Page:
Now let us consider the soul. We have seen that movement is essential to existence; nothing that has life is without motion. All creation, whether of the mineral, vegetable or animal kingdom, is compelled to obey the law of motion; it must either ascend or descend.
(‘Abdu’l-Bahá, Paris Talks, p. 89)

Have ye forgotten that true and radiant morn, when in those hallowed and blessed surroundings ye were all gathered in My presence beneath the shade of the tree of life, which is planted in the all-glorious paradise? Awe-struck ye listened as I gave utterance to these three most holy words: O friends! Prefer not your will to Mine, never desire that which I have not desired for you, and approach Me not with lifeless hearts, defiled with worldly desires and cravings. Would ye but sanctify your souls, ye would at this present hour recall that place and those surroundings, and the truth of My utterance should be made evident unto all of you.
(Bahá’u’lláh, The Persian Hidden Words #19)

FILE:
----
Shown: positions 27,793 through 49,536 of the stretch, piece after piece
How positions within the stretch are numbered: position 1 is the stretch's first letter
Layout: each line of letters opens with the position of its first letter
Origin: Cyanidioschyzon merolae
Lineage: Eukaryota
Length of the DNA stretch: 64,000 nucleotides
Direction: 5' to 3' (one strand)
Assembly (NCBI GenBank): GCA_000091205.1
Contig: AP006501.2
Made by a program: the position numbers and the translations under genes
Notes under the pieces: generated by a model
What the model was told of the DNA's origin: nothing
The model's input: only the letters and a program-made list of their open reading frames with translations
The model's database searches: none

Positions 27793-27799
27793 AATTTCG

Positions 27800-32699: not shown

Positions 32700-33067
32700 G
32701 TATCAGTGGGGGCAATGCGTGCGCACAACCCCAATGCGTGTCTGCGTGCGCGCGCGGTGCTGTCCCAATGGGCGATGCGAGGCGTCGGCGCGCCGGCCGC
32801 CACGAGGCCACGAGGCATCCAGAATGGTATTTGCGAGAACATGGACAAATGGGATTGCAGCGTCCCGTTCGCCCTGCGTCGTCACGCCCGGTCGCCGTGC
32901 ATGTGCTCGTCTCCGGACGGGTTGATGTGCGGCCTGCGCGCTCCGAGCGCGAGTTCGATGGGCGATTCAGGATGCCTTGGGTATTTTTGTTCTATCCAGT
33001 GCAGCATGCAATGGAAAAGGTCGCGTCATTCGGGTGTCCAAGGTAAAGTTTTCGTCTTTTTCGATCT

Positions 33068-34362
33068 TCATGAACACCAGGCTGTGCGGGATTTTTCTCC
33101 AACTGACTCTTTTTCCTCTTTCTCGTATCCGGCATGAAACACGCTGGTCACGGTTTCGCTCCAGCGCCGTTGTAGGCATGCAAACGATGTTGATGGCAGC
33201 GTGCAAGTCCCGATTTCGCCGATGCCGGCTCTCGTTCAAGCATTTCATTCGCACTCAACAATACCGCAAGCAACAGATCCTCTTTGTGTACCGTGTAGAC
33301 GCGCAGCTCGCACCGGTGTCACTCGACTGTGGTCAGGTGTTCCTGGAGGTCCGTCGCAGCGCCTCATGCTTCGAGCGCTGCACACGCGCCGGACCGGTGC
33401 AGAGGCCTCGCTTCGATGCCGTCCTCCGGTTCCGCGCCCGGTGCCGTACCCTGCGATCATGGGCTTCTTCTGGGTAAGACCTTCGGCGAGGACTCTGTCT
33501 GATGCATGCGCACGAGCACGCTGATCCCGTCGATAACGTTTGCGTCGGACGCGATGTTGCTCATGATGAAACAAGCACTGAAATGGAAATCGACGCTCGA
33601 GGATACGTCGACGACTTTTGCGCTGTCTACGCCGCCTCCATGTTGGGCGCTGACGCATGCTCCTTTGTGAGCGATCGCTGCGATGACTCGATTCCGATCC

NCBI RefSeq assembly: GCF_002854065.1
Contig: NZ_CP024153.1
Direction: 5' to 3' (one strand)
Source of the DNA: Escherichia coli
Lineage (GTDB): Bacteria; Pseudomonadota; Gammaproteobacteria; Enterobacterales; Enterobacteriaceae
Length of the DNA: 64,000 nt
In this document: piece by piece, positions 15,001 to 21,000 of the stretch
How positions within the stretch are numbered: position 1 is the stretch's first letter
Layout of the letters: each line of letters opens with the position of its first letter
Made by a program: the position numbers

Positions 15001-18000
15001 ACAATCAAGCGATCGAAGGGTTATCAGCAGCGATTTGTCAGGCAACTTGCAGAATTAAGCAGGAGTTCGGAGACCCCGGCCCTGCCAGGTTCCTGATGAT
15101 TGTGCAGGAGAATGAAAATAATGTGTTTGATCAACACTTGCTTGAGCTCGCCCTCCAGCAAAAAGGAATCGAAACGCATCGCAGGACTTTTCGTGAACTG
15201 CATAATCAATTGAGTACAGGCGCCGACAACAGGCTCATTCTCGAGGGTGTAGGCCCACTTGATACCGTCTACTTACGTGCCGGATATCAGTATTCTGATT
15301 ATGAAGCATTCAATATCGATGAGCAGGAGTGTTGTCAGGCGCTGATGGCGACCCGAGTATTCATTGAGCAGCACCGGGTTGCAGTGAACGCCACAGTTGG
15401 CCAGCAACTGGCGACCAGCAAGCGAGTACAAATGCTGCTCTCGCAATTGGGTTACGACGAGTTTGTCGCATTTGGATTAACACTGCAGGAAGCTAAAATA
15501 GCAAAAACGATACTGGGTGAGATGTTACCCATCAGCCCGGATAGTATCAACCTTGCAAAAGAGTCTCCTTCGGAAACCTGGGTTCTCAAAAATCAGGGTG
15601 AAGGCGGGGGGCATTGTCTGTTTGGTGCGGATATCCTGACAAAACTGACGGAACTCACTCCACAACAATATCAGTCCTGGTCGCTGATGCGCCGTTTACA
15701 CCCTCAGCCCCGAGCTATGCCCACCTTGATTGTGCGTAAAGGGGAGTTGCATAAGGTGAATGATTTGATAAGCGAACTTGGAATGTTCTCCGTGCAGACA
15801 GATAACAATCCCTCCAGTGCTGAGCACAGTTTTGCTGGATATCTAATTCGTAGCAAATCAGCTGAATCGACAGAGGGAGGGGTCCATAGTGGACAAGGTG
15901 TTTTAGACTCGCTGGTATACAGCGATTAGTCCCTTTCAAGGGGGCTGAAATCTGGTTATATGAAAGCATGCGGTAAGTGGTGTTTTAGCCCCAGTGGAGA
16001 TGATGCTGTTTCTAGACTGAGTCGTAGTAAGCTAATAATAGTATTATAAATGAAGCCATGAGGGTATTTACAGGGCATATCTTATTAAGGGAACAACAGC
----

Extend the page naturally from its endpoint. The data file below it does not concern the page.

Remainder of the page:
Regarding your question concerning the passage in ‘Seven Valleys’ referring to pre-existence. This in no way presupposes the existence of the individual soul before conception. The term has not been absolutely accurately translated, and what is meant is that man’s soul is the repository of the ancient, Divine mysteries of God.
(Shoghi Effendi, Lights of Guidance, p. 500)

Scientific philosophy has demonstrated that a simple element (’simple’ meaning ‘not composed‘) is indestructible, eternal. The soul, not being a composition of elements, is, in character, as a simple element, and therefore cannot cease to exist. The soul, being of that one indivisible substance, can suffer neither disintegration nor destruction, therefore there is no reason for its coming to an end.